The idea of an indirect approach, in which the dynamic properties of bridge structures are extracted from the dynamic response of a passing vehicle, is proposed by Yang et al. [10, 11]. Such an approach is low cost and is aimed at reducing the need for any direct installation of equipment on the bridge itself. It involves a vehicle instrumented with sensors through which dynamic properties of the bridge such as natural frequencies are extracted. Through interaction between the bridge and vehicle, the moving vehicle can be considered as both exciter and receiver. The measured vehicle response needs to include relatively high levels of bridge dynamic response in this vehicle-bridge interaction (VBI). The feasibility of this method in practice was experimentally confirmed by Lin and Yang  by passing an instrumented vehicle over a highway bridge in Taiwan. In the case that only bridge frequency is required, the indirect approach shows many advantages in comparison with direct methods in terms of equipment needed, specialist personnel on-site, economy, simplicity, efficiency, and mobility.
Over the past decade, many researchers have presented new methods based on indirect bridge monitoring. Although the idea only considered the fundamental frequency of the bridge at first, it was later extended to the estimation of bridge damping and mode shapes, primarily targeting level 1 SHM. In addition, some other damage detection techniques have been proposed based on the dynamic response measured on the vehicle. This review is intended to introduce and summarize these approaches and provide recommendations for future development. It also aims to guide researchers and practitioners in choosing and implementing the available bridge damage identification algorithms and signal processing methods using the dynamic response of a moving vehicle.
2. Theoretical Background for Indirect Bridge Monitoring
The concept of an indirect approach utilizing an instrumented vehicle, sometimes also referred to as “drive-by bridge health monitoring,” is illustrated by Figure 1. The vehicle is fitted with sensors, most commonly accelerometers and most commonly on its axles. Therefore, the vehicle passing over the bridge is effectively used as a “moving sensor.” Figure 2 shows an example of a simplified VBI model used for a theoretical study of such an approach, a so-called quarter-car model. This simple model can be used to briefly explain the theoretical background supporting the concept. In Figure 2, the parameters and refer to the sprung and unsprung masses, representing the vehicle body and tire assemblies, respectively. and are the suspension and tire stiffnesses, respectively, while corresponds to the suspension damping. and are the time dependent vertical displacements of the sprung and unsprung masses, respectively. The vehicle is assumed to travel at constant velocity here.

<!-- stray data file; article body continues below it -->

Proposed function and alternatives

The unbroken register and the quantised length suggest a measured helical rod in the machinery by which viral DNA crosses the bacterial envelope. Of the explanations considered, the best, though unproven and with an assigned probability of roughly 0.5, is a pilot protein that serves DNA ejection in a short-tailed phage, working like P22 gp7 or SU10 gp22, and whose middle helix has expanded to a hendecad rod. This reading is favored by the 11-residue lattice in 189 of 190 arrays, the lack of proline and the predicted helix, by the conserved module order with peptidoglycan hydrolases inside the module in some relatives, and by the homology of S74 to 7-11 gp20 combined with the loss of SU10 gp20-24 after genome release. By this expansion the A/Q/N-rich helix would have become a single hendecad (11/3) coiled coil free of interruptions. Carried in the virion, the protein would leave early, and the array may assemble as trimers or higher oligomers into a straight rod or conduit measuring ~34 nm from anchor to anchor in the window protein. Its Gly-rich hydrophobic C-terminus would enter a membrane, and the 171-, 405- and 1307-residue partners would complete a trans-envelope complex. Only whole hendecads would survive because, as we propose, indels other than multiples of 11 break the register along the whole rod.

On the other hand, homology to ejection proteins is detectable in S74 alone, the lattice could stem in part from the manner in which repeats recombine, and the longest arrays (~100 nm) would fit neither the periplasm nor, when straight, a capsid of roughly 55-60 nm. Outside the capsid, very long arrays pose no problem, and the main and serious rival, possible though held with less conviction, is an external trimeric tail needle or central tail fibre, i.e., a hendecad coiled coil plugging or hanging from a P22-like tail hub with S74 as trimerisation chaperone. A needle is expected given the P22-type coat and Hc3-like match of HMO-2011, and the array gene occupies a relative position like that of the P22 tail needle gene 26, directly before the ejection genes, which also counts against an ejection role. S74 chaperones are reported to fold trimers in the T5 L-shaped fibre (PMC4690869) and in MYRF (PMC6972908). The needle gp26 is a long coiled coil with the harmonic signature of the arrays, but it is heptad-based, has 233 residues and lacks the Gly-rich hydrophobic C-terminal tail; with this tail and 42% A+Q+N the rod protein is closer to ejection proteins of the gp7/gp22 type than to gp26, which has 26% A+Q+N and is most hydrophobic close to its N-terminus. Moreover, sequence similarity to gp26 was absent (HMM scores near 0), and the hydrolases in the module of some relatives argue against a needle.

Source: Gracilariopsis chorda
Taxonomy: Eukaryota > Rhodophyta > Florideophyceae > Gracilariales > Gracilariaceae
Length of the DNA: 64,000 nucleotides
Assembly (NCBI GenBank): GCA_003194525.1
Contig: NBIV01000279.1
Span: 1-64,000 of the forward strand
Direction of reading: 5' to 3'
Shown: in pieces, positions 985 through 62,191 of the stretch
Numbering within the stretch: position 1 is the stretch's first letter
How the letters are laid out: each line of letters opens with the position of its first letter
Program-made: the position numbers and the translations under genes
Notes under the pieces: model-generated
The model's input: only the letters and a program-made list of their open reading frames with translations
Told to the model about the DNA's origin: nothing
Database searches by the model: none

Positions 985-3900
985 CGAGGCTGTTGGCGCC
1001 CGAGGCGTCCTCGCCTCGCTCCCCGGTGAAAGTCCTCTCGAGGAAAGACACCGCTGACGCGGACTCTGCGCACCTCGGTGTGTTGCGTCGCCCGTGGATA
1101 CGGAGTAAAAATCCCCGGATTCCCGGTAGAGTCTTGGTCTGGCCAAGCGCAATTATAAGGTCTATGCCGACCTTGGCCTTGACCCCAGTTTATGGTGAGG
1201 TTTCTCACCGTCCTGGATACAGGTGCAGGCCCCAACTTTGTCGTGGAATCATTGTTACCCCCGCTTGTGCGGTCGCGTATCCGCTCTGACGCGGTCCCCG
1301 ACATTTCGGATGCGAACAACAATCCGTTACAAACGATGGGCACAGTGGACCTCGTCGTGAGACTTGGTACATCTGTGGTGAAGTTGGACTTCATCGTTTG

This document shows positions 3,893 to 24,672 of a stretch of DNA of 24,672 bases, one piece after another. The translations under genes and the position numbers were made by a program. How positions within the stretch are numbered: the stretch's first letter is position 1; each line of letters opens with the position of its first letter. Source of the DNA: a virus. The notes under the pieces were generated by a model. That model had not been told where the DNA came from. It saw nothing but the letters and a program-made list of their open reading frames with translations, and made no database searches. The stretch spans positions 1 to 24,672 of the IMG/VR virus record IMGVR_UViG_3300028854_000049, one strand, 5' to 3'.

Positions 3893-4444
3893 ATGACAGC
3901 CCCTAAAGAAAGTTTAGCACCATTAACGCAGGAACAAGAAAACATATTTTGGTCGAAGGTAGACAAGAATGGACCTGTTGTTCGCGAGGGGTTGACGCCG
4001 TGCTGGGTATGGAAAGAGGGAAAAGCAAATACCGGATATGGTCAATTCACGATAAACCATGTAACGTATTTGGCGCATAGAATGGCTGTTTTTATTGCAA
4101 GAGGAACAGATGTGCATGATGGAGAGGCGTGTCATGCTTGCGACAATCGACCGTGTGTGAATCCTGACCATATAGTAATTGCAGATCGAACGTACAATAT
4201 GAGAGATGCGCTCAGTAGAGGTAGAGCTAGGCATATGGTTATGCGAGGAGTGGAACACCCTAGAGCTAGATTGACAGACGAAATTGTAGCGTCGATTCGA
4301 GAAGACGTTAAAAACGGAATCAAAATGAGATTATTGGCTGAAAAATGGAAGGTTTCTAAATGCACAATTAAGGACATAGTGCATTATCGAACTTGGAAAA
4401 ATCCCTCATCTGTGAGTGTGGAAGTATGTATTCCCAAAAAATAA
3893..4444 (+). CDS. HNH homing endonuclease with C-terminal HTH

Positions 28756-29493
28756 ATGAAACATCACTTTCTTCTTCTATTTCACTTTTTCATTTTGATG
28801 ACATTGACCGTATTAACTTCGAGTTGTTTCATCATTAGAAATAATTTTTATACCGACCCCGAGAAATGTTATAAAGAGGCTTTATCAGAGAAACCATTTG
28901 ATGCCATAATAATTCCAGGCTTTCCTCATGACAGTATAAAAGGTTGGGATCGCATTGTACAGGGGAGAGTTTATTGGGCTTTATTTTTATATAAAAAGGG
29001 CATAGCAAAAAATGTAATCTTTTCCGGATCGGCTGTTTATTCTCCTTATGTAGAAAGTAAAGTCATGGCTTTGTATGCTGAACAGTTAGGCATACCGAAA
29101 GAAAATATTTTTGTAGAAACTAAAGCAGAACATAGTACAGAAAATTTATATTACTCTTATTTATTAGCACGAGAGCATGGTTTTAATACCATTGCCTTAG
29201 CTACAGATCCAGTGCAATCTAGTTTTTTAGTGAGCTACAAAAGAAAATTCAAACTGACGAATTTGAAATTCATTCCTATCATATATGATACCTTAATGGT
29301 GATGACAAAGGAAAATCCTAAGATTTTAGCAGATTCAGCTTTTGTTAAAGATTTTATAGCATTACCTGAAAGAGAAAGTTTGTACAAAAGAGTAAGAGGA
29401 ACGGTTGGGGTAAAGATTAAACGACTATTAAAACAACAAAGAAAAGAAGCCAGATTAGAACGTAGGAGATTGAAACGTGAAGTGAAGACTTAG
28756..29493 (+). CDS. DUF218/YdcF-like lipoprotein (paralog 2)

As a vehicle crosses a bridge, both vehicle and bridge vibrate and there is dynamic interaction between them. Therefore, the vehicle response is influenced by the bridge response. From the principle underlying SHM, it follows that if the bridge is damaged, for example, due to bridge bashing or concrete cracking, the stiffness, damping, and/or mass of the bridge change due to this damage and its vibration characteristics will also change.
Equation (1) gives the equations of motion for the sprung and unsprung masses: where and are the road profile displacement and bridge displacement, respectively. It can be seen from these equations that change due to damage can be detected in the vehicle response via the presence of the term , the bridge displacement under the wheel of the vehicle. Therefore it is theoretically feasible to detect damage by using measurements in the vehicle alone, without using sensors on the bridge or the need to stop the vehicle. There is an added advantage of an indirect approach in that the moving sensor passes over all cross sections of the bridge, unlike sensors at fixed positions. This can provide greater spatial information compared to direct SHM [18, 19].
The theoretical study of the indirect monitoring concept can be extended to a range of VBI models of varying complexity incorporating, for example, vehicle pitching and rolling motions and inertial and centrifugal forces. A variety of models which allow for simplification of the problem have been used in the papers reviewed here. A comprehensive survey of the most commonly used VBI models is given by .
3. Indirect Bridge Monitoring
3.1. Indirect Bridge Frequency Monitoring